The arrival of the American SpaceX forced the Europeans to start building Ariane 6. The development of the new launcher led to a complete reorganization of the industrial scheme.
A stone’s throw from the gigantic hall dedicated to the Ariane 5 – which surpasses the Arc de Triomphe in Paris -, the new building on the ArianeGroup site in Les Mureaux, in the Yvelines, seems quite modest. It is however in this construction completed less than two years ago that the main stage of the new European Ariane 6 launchers is assembled.
The reason for this reduction in size? The new rocket, which should fly in the second half of 2021, is manufactured horizontally rather than vertically to create flows similar to those of an automotive or aeronautical assembly line. “We have adopted the same working principles as in the other major industrial sectors, as Airbus does for example with the A350. This makes it possible to increase production rates, reduce waste and bring more reliability. There are also fewer anomalies, “explains Patrick Bonguet, director of the Ariane 6 program at ArianeGroup. Another advantage, simpler: the building is cheaper to maintain and heat.
A geographic distribution
The entire production chain has been rationalized across the group. For Ariane 5, each country brought its brick. The organization is now based on a more detailed geographical distribution of tasks, with, for example, the production of metal structures in Germany and composites in Spain. The German industrialist MTA thus produces all the ferrules (the external structures), which allows it to rotate its equipment more and therefore to produce cheaper. The Belgian Sabca, who just signed this week the first industrialization contract with ArianeGroup, has the exclusivity of actuation systems, which allow to orient the rocket.
This overhaul of the industrial scheme is one of the elements implemented by ArianeGroup and its European partners to make Ariane 6 less expensive to manufacture by 40% compared to its predecessor. Because if Ariane 5, originally designed to carry the European shuttle Hermès (which never saw the light of day), is the most reliable launcher in the world, it is too expensive and is no longer competitive compared to SpaceX, which has revolutionized the space launch market.
Improving competitiveness is also based on the use of new manufacturing technologies. A good example: the insulation of central tanks carrying liquid hydrogen and oxygen from Ariane 5, which is done by bonding … manual, plate by plate! An operation now replaced on Ariane 6 by a significantly faster and more efficient injection process.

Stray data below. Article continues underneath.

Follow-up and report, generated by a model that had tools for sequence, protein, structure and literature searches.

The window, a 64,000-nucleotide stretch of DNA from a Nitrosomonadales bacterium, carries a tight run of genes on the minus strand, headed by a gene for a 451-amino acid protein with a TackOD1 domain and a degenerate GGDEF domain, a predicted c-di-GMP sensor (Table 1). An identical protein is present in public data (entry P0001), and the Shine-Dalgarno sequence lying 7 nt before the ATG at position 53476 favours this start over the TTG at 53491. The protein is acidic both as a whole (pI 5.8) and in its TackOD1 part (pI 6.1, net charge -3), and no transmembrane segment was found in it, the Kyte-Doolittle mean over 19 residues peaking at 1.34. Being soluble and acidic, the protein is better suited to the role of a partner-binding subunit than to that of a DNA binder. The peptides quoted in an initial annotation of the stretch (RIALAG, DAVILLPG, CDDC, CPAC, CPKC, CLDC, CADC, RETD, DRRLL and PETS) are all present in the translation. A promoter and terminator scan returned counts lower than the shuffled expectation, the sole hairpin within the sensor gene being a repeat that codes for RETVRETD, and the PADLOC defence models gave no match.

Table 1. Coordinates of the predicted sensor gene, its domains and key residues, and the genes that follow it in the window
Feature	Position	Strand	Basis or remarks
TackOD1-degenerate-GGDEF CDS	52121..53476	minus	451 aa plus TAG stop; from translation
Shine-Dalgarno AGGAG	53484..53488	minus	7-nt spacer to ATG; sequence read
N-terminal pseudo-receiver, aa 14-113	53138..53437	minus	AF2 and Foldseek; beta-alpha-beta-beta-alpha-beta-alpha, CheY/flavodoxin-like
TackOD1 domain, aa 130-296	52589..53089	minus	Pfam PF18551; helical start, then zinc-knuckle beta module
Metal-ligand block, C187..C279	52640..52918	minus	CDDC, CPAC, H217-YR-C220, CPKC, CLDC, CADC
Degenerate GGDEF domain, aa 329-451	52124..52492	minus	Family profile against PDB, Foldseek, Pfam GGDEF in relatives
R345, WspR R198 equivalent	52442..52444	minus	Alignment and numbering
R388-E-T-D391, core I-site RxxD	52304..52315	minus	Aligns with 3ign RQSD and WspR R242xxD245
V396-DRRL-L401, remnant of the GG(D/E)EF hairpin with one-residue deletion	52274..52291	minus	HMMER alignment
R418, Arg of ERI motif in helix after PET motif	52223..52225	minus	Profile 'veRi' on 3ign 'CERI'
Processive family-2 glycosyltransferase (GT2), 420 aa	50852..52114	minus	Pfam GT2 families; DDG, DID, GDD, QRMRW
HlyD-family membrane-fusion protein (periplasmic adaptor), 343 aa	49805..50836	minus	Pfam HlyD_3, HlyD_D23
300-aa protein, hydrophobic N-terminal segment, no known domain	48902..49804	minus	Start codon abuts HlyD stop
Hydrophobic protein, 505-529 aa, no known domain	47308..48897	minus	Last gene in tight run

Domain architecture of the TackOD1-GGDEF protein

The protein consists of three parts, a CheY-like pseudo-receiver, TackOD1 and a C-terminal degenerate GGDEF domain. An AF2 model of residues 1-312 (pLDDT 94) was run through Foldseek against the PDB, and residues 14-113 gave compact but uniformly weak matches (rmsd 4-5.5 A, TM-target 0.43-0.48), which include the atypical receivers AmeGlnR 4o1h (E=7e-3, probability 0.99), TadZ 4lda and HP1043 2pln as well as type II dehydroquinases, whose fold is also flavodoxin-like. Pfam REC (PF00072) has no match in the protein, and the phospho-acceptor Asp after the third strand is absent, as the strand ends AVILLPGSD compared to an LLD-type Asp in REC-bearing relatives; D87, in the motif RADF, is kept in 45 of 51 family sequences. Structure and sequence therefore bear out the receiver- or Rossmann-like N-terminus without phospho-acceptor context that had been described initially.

A first for space Europe
The conventional welding techniques for aluminum sheets have been eliminated by friction stir mixing, which weakens structures less. It is a technology which consists in locally heating the area on which the welding is done, to cause a mixture of material. “It is the first time that this technique, already used elsewhere, has been applied in the space sector in Europe“, says Patrick Bonguet. This kind of new process nevertheless entails certain constraints: the concrete slab supporting the assemblies could not accept a deformation on the ground greater than 50 microns over 40 meters.
Another innovation in the new building: a special adjoining room has been created for tank pressure testing. Protected by an armored door, this room would see its outer wall detach in the event of an accidental explosion, to avoid destruction of the hall. For Ariane 5, these tests must take place in a gigantic underground well.
The overhaul of the processes is also valid for the assembly of the new Vulcain engine in Vernon, a huge wooded site three quarters of an hour from Les Mureaux. Additive manufacturing, very well suited to space products, has entered these engines. 3D printing makes it possible to reproduce very quickly complex parts that require hundreds of hours of conventional work, but also to produce elements that are impossible to shape otherwise. For Ariane 6, around ten references have already been qualified, including certain gas generators on the engine or an auxiliary power system for the upper stage.
Additive manufacturing, very well suited to space products, has entered.
ArianeGroup partners have also been asked to modernize their manufacturing processes, the only possible option for offering cheaper parts. “The requested cost reduction has sometimes been 30%,” admits a Belgian industrialist. “But this was done in good understanding with the client, from the designAnother compensation: the series will be larger, since Ariane 6 should lead to higher firing rates. Ina Maller, CEO of Thales Alenia Space Belgium, the company which manufactures many electronic equipment for the new launcher, explained that his company had made innovations in the manufacturing chain, “like using the augmented reality and of new data storage methods “.
The next step
Finally, thecontrol of Ariane 6 costs was also achieved by increasing the use of existing components, like microprocessors used in other sectors or inertial units derived from airliners. Overall, with a few exceptions, it is also the entire launcher that uses proven technologies. But ArianeGroup is already preparing the next steps: one of its teams is engaged in development, on the Vernon site, of the new Prometheus engine which is expected to cut production costs by 10 compared to current Vulcain 2 engines. This engine, which will make massive use of 3D printing and will use methane and oxygen, will be reusable. Its complement is also already being studied: the Themis demonstrator, intended to demonstrate the feasibility of a recoverable first stage concept.